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Where Was Cy?

May 28, 2012

Why didn’t Manhattan District Attorney Cyrus Vance attend Police Commissioner Ray Kelly’s momentous news conference last Thursday on the Etan Patz case?

Kelly announced that a suspect the public had never heard of — Pedro Hernandez, a worker in a bodega near where six-year-old Etan disappeared — had been arrested after confessing to Etan’s 1979 murder, and implied the case was solved.

Sources say Kelly had expressly invited [some say strong-armed] Vance to the news conference while excluding the FBI, which had worked with the NYPD for decades on the Patz case.

While, at his news conference, Kelly indicated that Hernandez’s admission had ended the 33-year-old hunt for Etan’s killer, Bureau officials remain skeptical, the sources said.

The FBI had expressed similar doubts about Kelly’s trumpeted arrests in two recent terrorism cases involving so-called “lone wolves,” distancing itself from both.

In each case, the so-called lone wolves — Ahmed Ferhani and Mohamed Mamdouh in the first case, and Jose Pimentel in the second — were indicted by Vance in state court because the FBI did not consider any of the suspects to be serious terrorism threats.

At each news conference, announcing their arrests, it was Vance, not the FBI, who stood at Kelly’s side.

By choosing not to appear with Kelly at last week’s news conference, Vance, too, appeared to express doubts.

His absence was all the more noticeable, considering the last line of Kelly’s press statement, announcing Hernandez’s arrest and confession: “We are working very closely with the Manhattan District Attorney.”

A top city law enforcement official said that Vance’s reluctance to attend Thursday’s news conference may also be related his re-election effort in 18 months and his attempt to avoid a repeat of another headline-grabbing case in which he followed the NYPD’s lead — his premature arrest last year of Dominique Strauss-Kahn.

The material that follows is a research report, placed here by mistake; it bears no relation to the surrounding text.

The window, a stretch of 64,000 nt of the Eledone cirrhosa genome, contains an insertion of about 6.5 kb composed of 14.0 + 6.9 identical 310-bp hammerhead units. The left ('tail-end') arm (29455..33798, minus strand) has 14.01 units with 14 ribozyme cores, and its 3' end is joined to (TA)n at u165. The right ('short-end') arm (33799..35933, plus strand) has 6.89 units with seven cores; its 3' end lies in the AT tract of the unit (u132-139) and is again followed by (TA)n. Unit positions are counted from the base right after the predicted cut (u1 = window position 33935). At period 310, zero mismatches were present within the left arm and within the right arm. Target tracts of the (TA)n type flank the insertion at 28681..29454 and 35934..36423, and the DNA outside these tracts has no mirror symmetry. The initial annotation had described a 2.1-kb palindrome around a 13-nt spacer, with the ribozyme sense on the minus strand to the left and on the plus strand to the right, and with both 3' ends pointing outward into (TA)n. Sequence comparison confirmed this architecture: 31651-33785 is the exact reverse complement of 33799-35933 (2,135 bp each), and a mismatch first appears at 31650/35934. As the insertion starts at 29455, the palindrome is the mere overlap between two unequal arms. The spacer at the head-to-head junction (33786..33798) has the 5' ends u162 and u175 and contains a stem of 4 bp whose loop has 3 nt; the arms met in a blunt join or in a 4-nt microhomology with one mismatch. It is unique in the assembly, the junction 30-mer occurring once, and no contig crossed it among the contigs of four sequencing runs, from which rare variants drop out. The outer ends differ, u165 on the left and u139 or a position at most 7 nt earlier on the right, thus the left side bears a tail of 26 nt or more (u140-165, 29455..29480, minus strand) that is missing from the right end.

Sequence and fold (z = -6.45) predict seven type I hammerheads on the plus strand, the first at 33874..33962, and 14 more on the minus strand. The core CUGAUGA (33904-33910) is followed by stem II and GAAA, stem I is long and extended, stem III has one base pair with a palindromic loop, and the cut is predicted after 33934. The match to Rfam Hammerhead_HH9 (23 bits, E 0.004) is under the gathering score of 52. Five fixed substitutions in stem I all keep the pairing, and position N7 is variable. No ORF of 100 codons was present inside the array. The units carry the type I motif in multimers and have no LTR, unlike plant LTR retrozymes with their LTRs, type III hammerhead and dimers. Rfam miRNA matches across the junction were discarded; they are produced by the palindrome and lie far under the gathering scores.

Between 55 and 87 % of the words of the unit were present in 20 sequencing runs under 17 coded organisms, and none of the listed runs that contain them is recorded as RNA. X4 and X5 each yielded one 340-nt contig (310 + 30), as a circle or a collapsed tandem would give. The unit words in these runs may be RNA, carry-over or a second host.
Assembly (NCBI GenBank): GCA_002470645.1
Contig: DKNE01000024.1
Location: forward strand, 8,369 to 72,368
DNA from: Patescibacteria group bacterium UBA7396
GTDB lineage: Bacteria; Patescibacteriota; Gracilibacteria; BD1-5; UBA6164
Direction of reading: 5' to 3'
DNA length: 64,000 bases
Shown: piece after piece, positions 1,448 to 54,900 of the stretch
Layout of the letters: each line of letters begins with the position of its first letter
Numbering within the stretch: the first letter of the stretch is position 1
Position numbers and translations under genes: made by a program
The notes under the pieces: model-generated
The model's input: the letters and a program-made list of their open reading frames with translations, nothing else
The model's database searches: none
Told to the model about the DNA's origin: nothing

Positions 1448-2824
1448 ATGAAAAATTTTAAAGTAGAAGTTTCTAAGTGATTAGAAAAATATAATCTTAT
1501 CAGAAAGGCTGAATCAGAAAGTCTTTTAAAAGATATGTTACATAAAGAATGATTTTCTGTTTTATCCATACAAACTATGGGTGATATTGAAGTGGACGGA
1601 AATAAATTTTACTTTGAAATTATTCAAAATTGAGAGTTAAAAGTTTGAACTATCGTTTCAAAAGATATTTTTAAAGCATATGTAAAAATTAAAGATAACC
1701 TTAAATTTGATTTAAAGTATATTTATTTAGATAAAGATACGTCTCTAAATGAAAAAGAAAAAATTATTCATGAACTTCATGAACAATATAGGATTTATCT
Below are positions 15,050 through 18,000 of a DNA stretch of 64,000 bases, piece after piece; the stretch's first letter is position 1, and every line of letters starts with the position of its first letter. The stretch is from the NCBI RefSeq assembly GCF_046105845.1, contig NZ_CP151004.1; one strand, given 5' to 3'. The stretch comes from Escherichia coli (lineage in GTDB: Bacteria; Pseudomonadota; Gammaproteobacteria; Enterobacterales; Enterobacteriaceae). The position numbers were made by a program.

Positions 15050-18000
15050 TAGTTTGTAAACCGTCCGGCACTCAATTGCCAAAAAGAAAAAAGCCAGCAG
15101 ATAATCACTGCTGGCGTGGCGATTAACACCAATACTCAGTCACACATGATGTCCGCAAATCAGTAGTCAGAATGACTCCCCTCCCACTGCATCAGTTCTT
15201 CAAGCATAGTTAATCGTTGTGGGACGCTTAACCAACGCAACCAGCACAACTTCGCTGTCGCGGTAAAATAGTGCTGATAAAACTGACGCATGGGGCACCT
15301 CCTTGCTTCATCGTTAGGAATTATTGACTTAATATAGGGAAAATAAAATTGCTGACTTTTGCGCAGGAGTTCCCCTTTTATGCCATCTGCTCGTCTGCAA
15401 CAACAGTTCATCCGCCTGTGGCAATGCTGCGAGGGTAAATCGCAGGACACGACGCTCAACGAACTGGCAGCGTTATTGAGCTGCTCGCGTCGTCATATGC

Shortly after the NYPD pulled DSK off a Paris-bound plane, following his encounter with a maid in the Sofitel Hotel, Vance charged him with sexual abuse and attempted rape — only to drop the charges because of subsequent doubts about the maid’s credibility.

Instead, without Vance, Kelly had S. Andrew Schaffer, the NYPD’s Deputy Commissioner of Legal Matters at the news conference, apparently to give Hernandez’s arrest a legal imprimatur.

Schaffer was a silent prop. As with all Kelly news conferences, only the commissioner spoke for the department.

Sources also say that Vance is seeking to ensure that the FBI remains involved in the case.

Just a month ago, the Bureau dug up a SoHo basement near where Etan disappeared, but failed to find evidence implicating another suspect.

After Hernandez’s arrest, FBI agents attended case meetings at Vance’s office along with the NYPD, sources say.

“The impression I am getting is that Vance wants the FBI involved even if it’s only to raise his comfort zone with the investigative steps that remain before going to a grand jury,” the source said.

Furthermore, sources say that neither the DA’s office nor the FBI helped interrogate Hernandez in Camden, New Jersey. The interrogation, which led to a confession, was an exclusive NYPD affair.

The problem with Hernandez’s confession and arrest, say law enforcement officials, is not that the police arrested him prematurely. As NYPD spokesman Paul Browne pointed out, once Hernandez confessed, detectives had no other choice than to arrest him.

Rather, the problem is Kelly’s never-ending penchant for publicity and self-promotion [to say nothing of diverting people from his much-criticized Stop and Frisk and Muslim spying policies].

For, in the Patz case, Hernandez’s arrest is not the final step but only the beginning.

Hernandez’s history of mental illness means that his confession, by itself, is not enough to indict, much less to convict.